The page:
When I was writing the stage play for Grace, the character Kenny Santorini just “walked in” later in the story. His unplanned entry came from some dark place, but upon my introduction to him, I was intrigued, and when he started to talk, I knew he had to stay. But I didn’t have the ending.
After letting the story simmer in my subconscious mind for a few days, I returned to my office one afternoon and pounded out the final scene in a two-hour frenzied burst of writing. It was crazy—the words flowed out of me as though I were taking part in an exorcism. And when I reread the scene, I thought: What the hell was that? Kenny had talked, in his way, and I felt his dialogue might come across a little heavy-handed. But after much consideration, I realized that he’s a real person. I know people like him, who talk like him. You likely do too. I thought about rewriting the scene, to make it less vulgar, but felt I’d be a dishonest writer if I cleaned up Kenny’s language. So, Kenny and his language stayed, as written, and I love it!
Q: What genre do you write in? Do you explore other genres?
A: I try not to let genre paint me into a corner. The story dictates genre, form, and style, and I need to explore and push the boundaries of what I am most comfortable writing.
I've written two collections of short stories reflecting an eccentric and diverse range of genres. I've also written a dramatic novel and a mystery novel. I love to write poetry and have completed a manuscript for a collection I hope to publish next year.
The options and approaches for writing stories are endless, and I want to explore them all!
Q: What is your role within the Chicago Writers Association? What special projects have you worked on? What is your favorite moment of being a CWA board member so far?
A: I am a board member and the treasurer for the Chicago Writers Association. I’m also the program coordinator for Windy City Reviews, the volunteer-run and free book review service of the Chicago Writers Association. Do you have a recently published book or one coming soon? If so, send us your query (submission details at Windy City Reviews: Submissions). At Windy City Reviews, our goal is to provide authors of all genres and areas of specialization an opportunity for increased exposure, valuable feedback, and deserved recognition.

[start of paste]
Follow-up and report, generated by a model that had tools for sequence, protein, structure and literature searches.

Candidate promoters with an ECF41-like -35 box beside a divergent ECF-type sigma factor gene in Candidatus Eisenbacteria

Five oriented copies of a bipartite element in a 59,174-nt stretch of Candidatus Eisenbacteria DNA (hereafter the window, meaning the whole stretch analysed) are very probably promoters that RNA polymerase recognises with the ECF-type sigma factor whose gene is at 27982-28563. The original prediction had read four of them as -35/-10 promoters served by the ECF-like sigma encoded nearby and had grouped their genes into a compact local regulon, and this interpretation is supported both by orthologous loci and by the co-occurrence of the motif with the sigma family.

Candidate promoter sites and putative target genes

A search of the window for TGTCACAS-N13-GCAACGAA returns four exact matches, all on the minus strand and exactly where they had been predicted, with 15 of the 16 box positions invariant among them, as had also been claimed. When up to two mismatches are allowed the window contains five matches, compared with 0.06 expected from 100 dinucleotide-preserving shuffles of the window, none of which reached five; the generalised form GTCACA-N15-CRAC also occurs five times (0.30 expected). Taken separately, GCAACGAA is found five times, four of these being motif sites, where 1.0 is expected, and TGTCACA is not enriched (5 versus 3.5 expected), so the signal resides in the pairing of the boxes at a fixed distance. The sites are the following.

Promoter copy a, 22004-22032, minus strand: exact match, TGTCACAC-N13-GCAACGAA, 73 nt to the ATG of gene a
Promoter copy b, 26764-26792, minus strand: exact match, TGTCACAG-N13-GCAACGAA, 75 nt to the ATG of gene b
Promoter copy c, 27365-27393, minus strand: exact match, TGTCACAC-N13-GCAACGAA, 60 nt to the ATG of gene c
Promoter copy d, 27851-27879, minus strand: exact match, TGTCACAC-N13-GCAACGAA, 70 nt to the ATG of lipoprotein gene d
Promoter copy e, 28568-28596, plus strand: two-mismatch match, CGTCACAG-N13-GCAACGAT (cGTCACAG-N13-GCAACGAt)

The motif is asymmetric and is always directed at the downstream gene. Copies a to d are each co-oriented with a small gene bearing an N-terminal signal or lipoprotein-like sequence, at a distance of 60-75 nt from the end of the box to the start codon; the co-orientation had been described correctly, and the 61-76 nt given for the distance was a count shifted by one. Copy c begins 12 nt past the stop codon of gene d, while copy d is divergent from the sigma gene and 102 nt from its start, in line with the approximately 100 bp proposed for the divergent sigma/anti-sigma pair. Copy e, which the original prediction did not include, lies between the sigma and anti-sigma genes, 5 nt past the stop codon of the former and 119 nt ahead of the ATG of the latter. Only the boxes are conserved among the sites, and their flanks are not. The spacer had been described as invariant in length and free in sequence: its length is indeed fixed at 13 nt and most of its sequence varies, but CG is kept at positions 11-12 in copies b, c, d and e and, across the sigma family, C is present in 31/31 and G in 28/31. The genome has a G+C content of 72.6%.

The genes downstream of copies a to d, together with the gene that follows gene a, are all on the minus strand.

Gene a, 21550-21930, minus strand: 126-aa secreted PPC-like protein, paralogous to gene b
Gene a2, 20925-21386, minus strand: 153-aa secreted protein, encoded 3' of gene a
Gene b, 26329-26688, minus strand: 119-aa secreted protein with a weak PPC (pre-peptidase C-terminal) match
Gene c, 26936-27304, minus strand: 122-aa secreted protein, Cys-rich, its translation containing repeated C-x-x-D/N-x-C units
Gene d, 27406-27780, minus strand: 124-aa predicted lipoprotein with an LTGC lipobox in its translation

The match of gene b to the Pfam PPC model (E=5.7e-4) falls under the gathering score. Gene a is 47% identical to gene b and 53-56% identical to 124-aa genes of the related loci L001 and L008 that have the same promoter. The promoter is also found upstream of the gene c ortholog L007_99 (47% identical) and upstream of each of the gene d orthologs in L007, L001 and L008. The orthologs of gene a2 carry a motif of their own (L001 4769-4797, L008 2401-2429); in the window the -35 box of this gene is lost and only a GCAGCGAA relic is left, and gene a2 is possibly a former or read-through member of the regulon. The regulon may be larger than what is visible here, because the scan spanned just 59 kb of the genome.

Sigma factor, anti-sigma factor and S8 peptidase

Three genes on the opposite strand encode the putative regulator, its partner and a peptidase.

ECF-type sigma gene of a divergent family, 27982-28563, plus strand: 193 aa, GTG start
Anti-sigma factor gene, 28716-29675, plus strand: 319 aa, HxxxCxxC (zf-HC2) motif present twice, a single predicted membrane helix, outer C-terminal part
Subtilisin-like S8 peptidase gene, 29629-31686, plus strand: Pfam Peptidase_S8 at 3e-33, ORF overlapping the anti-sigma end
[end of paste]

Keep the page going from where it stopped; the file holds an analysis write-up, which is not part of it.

I experienced my favorite and proudest moment last year, when we celebrated our tenth anniversary as an organization. We had come so far, and yet our next ten-year journey is just beginning. The best is yet to come!
Q: What advice would you give to any new aspiring writer? What do you want them to know that you wish you had known when you began your journey?
A: My advice to any aspiring writer is simply this: write! Many people talk about wanting to be a writer, and the effort stops there–with only talk. Differentiate yourself from all the rest by getting the words down onto the page. Only then are you a writer. Go even further and publish your book and differentiate yourself even more.
Since I have a few lines left, I'll also suggest that a writer work on several projects at the same time—novel, short story, essay, blog entry, poem, etc.—which is the perfect cure for writer's block. If you get stuck on one project, set it aside, and work on something else. You'll be surprised at how many writing projects you'll complete in a given year without a pause.
I also think a writer must understand that writing is a business, and you cannot have a successful business with only one product. I think I knew this when I began my writing career, but it became more evident after the publication of my first book, particularly when friends, family members, and readers asked, “When’s the next book coming?” So, on any given day, I’m marketing, publicizing, and selling my last book, writing the current one, and planning for the next one.
Dan Burns’s new story collection, Grace: Stories and a Novella, is available for pre-order and will be released October 25, 2019. His previously-published books include the novels A Fine Line and Recalled to Life and the short story collection No Turning Back: Stories. He is also an award-winning writer of stories for the screen and stage. He resides with his family in Illinois and enjoys spending time in Wisconsin and Montana, where he stalks endless rivers in pursuit of trout and a career as a fly fisherman.
For more information, please visit www.danburnsauthor.com.
Meryl D'Sa, transplant from Mumbai, recently earned her MFA in Creative Writing from Florida Atlantic University, where she also worked as a graduate teaching assistant and as the visual art editor and social media handler for the program’s literary magazine Swamp Ape Review. In her writing, she often tries to go beyond what feels comfortable in order to better understand herself and the world. She writes, she breaks form, she reads, she pets dogs, she lovers ginger wine and all kinds of peppers.